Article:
Jori J. Loiz
The variations of tropical cyclone activity in the Northwest Pacific, particularly in the Philippine Area of Responsibility (PAR), are greatly influenced by an atmospheric and oceanographic phenomenon called El Niño-Southern Oscillation (ENSO), which occurs every 2 to 9 years. This phenomenon affects the Philippine economy since it is mainly agriculturally-based. Agriculture is dependent on rainfall which is contributed largely by tropical cyclones that enter or originate in the PAR.
This study is an attempt to determine the effects of El Niño, particularly the 1997/1998 event, on the tropical cyclone activity in the PAR. NCEP/NCAR reanalyzed charts of mid-tropospheric humidity, upper-level divergence, outgoing longwave radiation (OLR) anomaly, sea surface temperature (SST) anomaly and wind vectors in 850- and 200-hpa are used in the study. These parameters are mentioned by Gray (1977) as essential factors in tropical cyclone formation.
Reduction of tropical cyclone formation and activity is observed at the height of the occurrence of ENSO. Also, the opposite is observed when the cold episode, which is called La Niña, starts to affect the region.
Vicente B. Malano
A numerical/spectral wave model for the prediction of waves over shallow water has been developed. It is based on the balance equation of energy spectrum in spherical coordinate system applied over a rectangular basin. The effects of varying the grid spacing, bathymetry as well as the wave frequency are examined by neglecting the source and sink functions. The wave heights generated by the different wind intensities and directions are likewise investigated in this study. Results of the different experimentations show that the wave heights generated are found reasonable. The waves are well distributed. Predicted Significant Wave Heights Over Manila Bay are sufficiently realistic.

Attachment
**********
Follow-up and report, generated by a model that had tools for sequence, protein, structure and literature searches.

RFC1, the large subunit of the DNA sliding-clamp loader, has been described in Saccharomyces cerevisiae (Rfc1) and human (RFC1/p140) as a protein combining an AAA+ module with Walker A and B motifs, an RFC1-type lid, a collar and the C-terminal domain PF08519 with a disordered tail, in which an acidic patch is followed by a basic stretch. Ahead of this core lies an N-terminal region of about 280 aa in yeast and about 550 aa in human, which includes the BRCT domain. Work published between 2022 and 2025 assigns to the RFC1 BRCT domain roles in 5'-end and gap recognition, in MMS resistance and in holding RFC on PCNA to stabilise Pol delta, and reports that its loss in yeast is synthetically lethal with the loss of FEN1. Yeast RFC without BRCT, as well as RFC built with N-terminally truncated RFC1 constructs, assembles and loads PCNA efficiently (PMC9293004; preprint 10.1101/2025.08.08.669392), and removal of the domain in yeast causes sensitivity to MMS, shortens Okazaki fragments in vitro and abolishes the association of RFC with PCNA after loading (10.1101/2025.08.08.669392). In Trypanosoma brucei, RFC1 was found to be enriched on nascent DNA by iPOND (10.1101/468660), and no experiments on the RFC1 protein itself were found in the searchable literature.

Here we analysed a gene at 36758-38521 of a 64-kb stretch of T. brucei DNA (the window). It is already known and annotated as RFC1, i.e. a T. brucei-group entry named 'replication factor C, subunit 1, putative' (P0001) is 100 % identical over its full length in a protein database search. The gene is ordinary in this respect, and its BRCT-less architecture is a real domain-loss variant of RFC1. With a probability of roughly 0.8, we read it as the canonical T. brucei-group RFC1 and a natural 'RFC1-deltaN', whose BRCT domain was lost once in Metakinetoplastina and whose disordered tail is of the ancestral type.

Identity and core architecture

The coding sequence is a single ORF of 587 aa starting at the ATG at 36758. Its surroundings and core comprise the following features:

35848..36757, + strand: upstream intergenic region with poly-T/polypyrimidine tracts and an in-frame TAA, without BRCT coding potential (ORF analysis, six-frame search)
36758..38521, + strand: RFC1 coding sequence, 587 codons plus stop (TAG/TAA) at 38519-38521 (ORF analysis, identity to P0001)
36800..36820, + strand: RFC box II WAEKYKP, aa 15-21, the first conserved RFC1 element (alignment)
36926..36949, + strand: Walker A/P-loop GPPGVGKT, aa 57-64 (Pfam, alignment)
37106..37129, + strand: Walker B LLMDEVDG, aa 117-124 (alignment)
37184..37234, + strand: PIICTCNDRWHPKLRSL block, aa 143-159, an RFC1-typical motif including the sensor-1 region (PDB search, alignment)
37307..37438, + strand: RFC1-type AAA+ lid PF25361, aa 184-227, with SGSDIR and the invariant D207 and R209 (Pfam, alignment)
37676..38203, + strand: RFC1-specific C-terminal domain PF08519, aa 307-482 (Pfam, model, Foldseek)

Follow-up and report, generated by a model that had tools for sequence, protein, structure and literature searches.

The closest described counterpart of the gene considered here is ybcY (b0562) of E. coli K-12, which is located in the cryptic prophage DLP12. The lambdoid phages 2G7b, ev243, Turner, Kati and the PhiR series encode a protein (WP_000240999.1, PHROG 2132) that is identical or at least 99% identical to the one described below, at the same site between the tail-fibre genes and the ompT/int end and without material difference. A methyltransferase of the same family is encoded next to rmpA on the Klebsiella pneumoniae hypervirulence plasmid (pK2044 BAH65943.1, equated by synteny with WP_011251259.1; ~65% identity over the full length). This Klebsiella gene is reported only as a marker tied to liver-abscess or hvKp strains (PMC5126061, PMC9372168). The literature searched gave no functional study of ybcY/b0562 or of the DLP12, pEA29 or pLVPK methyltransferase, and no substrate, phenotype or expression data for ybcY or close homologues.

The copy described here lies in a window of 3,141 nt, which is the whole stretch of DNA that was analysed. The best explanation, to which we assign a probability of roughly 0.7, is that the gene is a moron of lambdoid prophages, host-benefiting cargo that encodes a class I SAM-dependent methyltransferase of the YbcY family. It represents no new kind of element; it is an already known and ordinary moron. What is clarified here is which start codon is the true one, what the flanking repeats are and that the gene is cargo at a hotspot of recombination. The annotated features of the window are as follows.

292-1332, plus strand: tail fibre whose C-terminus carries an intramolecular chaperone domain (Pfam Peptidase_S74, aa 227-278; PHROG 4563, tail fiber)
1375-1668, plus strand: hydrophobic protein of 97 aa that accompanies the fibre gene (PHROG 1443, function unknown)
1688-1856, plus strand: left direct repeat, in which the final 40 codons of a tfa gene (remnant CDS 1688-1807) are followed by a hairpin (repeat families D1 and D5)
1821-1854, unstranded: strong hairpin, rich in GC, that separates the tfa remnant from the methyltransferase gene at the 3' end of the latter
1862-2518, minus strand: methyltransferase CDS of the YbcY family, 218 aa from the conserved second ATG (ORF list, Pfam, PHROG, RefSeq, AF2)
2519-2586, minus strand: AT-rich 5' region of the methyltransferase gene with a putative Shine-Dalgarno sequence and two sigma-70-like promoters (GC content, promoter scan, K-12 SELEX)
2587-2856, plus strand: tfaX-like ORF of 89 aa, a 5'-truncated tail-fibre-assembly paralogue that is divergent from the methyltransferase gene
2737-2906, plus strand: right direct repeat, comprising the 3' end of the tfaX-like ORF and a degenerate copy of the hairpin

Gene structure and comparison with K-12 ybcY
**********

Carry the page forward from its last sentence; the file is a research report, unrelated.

Francis A. Araniador
This study aims to use the National Center for Atmospheric Research (NCAR) 5th Generation Mesoscale Model (MM5) in the prediction of rainfall associated with tropical cyclones in the Philippines, using a reasonably powerful SGI Origin 2000 supercomputer. The models extracted 24-hr accumulated rainfall forecast data are compared with the observed 24-hr accumulated rainfall recorded from the synoptic stations. MM5 product in graphical form is also compared with satellite pictures of the cloud field. Using contingency tables, the individual scores such as skill score, threat score, bias, Probability of Detection (POD), the number hits are computed in categorical classes. The preliminary evaluation showed that the threat Score (TS) for No Rainfall category ranges from 0.12-0.6, 0.12-0.6 for Light Rainfall category and 0.13-0.35 for Moderate category which is an indication of better forecast compared to the work of Junker, NW et al. (1995) whose threat score values range from 0.07-0.14. There was a high Threat Score and probability of Detection for rainfall occurrence category compare with Non-rainfall Occurrence category. An average skill score of 0.11 using 2x2 contingency table was high enough compared with an average skill score of 0.07 for a 16 category frequency distribution contingency table. Using all the cases involved the overall skill score is 0.18. Rainfall occurrence for Non-tropical cyclone related events has a high probability of detection, threat score, bias and skill score compared with the rainfall occurrence for tropical cyclone related events. The difference between predicted and observed rainfall was analyzed and resulted into a more negative rainfall value in most cases with an indication of under prediction while positive RR values for the rest of the cases. In general, the model has the ability to forecast rainfall associated with tropical cyclone in categorical classes so that there is better Skill Score for light RR category compared with other categories.